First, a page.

8 min read
20 Jun 2019
8 min read
20 Jun 2019
British Steel’s rocky fortunes go back some time. The company was acquired by Indian conglomerate Tata in 2007, but in 2016 Tata sold the struggling business to private equity group Greybull Capital for £1. Things seemed to be going well at first: after making a £79 million loss in 2015-2016, the company announced profits of £47 million in 2016-2017.
But British Steel continued to face major pressures. For one thing, the measures announced last year by the Trump administration included a 25% tariff on steel imports. As well as triggering a trade war with China, this has brought major uncertainty for steel producers around the world and dented UK steel exports to the US.
Then there’s the issue of Brexit. The results of the UK’s 2016 EU referendum resulted in a fall in sterling, leading to higher import costs. And the prospect of Brexit has led to considerable uncertainty for international customers about future tariffs – particularly problematic for an industry with long lead times.
To compound these challenges, British Steel was previously eligible for carbon credits under the EU’s Emissions Trading Scheme. But UK companies have been barred from accessing carbon credits until the EU withdrawal agreement has been signed, leaving British Steel with a £120m bill. In April, the government provided a bridging loan, so the company could avoid a hefty fine for missing its deadline. However, with the company reportedly seeking a further loan of £75m – reduced to £30m – for “Brexit-related” issues, the government argued it would be unlawful to provide further support. The company subsequently went into liquidation.
The implications extend far beyond British Steel itself. One company facing major challenges is Network Rail, which sources as much as 95% of its rails from British Steel. Following news of the liquidation, Network Rail released a statement noting that it has “improved our order book with the company – increasing rail production volumes, bringing orders forward and committing to a long term schedule – as well as offering immediate payment to ease the pressure on cash flow.”
While other options for Network Rail could include sourcing more steel from European suppliers, such a move would likely result in higher costs and longer delivery times. And of course, many other customers of British Steel are watching developments closely – particularly those that benefit from the company’s specialist steel grades.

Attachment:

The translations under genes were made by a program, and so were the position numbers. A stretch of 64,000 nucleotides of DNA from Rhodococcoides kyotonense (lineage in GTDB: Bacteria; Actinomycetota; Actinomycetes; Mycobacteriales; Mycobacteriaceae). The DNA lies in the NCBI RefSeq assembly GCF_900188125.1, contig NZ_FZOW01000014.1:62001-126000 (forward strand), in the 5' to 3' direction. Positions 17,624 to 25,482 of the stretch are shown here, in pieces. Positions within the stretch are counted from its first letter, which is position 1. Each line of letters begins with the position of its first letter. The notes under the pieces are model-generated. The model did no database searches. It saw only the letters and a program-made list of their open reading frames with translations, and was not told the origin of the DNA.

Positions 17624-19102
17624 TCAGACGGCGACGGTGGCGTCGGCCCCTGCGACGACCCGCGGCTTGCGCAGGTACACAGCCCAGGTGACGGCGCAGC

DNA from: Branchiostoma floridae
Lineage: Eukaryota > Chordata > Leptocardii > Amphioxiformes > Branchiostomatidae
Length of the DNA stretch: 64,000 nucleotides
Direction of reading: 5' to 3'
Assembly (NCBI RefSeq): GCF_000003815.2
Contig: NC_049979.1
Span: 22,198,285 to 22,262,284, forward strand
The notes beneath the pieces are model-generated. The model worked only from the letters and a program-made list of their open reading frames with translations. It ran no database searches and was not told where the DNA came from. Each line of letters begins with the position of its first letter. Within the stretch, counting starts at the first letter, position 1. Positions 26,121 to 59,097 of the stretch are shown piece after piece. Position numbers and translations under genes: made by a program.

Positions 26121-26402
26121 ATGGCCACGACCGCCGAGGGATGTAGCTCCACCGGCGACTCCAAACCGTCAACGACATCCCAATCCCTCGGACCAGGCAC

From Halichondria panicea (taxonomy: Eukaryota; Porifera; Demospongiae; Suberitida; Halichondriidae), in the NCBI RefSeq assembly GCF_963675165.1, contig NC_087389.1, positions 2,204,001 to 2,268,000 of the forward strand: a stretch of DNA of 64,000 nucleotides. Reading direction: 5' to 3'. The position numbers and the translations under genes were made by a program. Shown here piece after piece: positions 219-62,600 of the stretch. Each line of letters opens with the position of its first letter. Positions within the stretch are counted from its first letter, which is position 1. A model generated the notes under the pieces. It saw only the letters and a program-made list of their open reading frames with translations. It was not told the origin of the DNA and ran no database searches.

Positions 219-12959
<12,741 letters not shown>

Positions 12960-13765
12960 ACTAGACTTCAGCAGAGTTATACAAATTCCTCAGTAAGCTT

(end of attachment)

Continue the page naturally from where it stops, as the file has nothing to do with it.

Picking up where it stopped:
Likewise, British Steel’s suppliers are also facing major consequences if the company collapses. For example, The Guardian reported that logistics firm Hargreaves Services could reduce pre-tax profit by £1.5m, affecting 170 jobs. And the Federation of Small Businesses also pointed out the impact for small businesses in the communities surrounding the company’s plants, from visitor attractions to shops and cafes.
Last but not least, losing a firm like British Steel could have implications for the wider economy. Think tank IPPR has predicted that the collapse of British Steel could result in lost wages of £2.8 billion over a decade, while households could spend £1.2 billion less over the same period.
The uncertain fate of British Steel is a sobering reminder of the impact that adverse macroeconomic and regulatory developments can have on companies large and small. It also illustrates how difficulties faced by suppliers can have severe repercussions for other businesses in the supply chain.
That’s all the more reason for large buyers to consider the impact of market developments, both on their own liquidity needs and on their supply chain health. Increasingly, concerns about such threats are prompting companies to adopt early payment solutions like supply chain finance that can give suppliers access to lower funding costs whilst helping them optimize working capital and achieve greater predictability over future cash flows.
Likewise, platforms that are effective in harnessing the power of technology can not only give valuable insights into your own working capital position, they can also provide greater visibility into the health and behavior of your suppliers. For example, by upgrading our platform with world-class AI capabilities, Taulia has aggregated data on historical supplier behavior with external data sources, enabling you to make better informed decisions about your own strategy and the likely impact of any changes on your supply chain.
While the challenges faced by British Steel are complex and unique, many other companies are facing major uncertainty in today’s market conditions. Optimizing your own working capital and supporting your supply chain has never been more crucial.
How working capital management will no longer fall outside of explicit board priorities and senior management objectives and incentives.
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